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Living without alcohol in America's drunkest state

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Erin Bagatta
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(From left) Jason Gonzalez, Seth Eby and Emily Meyer

Beer has always been synonymous with Milwaukee, and Chicago played a significant role in that — more specifically, The Great Chicago Fire of 1871. The fire started in a barn and spread to over three square miles of the city, destroying 11 of the city’s 23 breweries.

As a neighborly response, Milwaukee breweries, starting with Schlitz, shipped expansive cases of free beer to Chicago via Lake Michigan, according to The National Alcohol Beverage Control Association. Soon later, with the help of brand loyalty, Schlitz became known as “The beer that made Milwaukee famous.” Although this can be seen as a proud example of how Milwaukee became a self-proclaimed “Beer Capital of the World,” there is a dark side to our drunk history.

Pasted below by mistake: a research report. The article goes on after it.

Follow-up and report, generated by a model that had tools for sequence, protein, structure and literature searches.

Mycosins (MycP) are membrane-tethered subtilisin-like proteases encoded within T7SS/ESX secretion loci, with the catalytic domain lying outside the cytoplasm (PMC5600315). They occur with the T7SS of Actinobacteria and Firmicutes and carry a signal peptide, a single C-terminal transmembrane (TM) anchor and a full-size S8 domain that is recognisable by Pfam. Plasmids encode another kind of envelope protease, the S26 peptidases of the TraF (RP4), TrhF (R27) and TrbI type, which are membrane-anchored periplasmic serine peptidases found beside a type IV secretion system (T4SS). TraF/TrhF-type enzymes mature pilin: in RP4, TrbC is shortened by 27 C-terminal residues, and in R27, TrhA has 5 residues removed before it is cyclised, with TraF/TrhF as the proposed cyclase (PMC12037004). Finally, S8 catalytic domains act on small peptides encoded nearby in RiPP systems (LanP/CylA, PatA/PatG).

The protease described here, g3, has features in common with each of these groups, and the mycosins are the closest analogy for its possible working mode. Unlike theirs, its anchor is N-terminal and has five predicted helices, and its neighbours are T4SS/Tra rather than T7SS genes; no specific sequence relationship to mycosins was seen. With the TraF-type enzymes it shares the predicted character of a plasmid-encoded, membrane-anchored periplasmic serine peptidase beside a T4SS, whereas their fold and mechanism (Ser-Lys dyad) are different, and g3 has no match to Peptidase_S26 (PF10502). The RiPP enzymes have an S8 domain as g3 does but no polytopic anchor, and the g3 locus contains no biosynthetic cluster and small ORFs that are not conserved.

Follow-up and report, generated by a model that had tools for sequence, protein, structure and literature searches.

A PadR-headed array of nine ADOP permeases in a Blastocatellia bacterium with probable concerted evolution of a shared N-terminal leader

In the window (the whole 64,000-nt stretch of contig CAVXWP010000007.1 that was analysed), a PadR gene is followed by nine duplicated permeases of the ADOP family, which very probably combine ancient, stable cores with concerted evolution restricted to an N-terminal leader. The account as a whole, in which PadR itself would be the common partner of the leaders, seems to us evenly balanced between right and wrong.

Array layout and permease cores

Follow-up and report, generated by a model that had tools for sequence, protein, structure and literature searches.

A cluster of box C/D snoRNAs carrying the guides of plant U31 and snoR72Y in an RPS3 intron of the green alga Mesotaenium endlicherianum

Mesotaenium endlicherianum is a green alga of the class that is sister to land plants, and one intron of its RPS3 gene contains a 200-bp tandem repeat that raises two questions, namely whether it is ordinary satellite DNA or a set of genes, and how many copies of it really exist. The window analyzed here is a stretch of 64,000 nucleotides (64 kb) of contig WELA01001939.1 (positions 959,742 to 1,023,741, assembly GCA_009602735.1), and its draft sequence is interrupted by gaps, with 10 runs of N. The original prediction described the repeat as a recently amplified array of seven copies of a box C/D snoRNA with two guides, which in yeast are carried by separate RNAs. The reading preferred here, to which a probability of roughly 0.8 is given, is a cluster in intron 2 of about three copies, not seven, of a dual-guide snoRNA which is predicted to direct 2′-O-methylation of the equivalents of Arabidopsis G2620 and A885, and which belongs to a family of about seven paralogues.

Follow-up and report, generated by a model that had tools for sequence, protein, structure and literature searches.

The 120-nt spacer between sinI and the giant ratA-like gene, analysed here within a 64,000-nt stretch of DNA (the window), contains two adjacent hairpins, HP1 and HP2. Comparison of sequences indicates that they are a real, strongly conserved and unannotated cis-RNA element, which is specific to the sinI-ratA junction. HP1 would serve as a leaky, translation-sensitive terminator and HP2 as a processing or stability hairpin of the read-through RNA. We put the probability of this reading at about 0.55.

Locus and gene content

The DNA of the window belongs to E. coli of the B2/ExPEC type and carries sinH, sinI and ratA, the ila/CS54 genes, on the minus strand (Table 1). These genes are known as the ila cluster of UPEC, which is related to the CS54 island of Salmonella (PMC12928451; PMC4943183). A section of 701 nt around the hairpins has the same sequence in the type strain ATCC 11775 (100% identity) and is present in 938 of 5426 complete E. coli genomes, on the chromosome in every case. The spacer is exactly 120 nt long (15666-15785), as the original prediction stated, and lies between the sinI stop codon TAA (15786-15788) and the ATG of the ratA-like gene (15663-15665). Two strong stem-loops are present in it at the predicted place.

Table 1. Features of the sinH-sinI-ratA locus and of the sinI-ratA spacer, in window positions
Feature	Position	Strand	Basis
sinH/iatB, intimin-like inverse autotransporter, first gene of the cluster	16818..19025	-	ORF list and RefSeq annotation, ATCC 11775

While scrolling on Milwaukee’s Reddit page, I came across a post titled, “I feel like an outsider because I don’t drink.” More than 50 Milwaukeeans expressed a similar sentiment or offered advice on activities you can partake in that aren’t centered around alcohol. Folks suggested a stroll through Oak Leaf Trail, joining a gaming group or picking up disc golf. In a city known for its beer, what do you do when you clash with Milwaukee culture? What does sober living look like when alcohol is Milwaukee's identity?

There are many reasons individuals choose not to drink. For some, being sober could be a lifestyle choice, an effort to stay healthy or knowing that drinking can heighten their anxiety. I spoke with three individuals who candidly shared how alcohol colored their experiences in a city where refusing a drink can be perceived as blasphemy. Take a listen to this week’s episode of the Uniquely Milwaukee podcast, and be sure to subscribe so you never miss an episode.

Audio Storyteller | Radio Milwaukee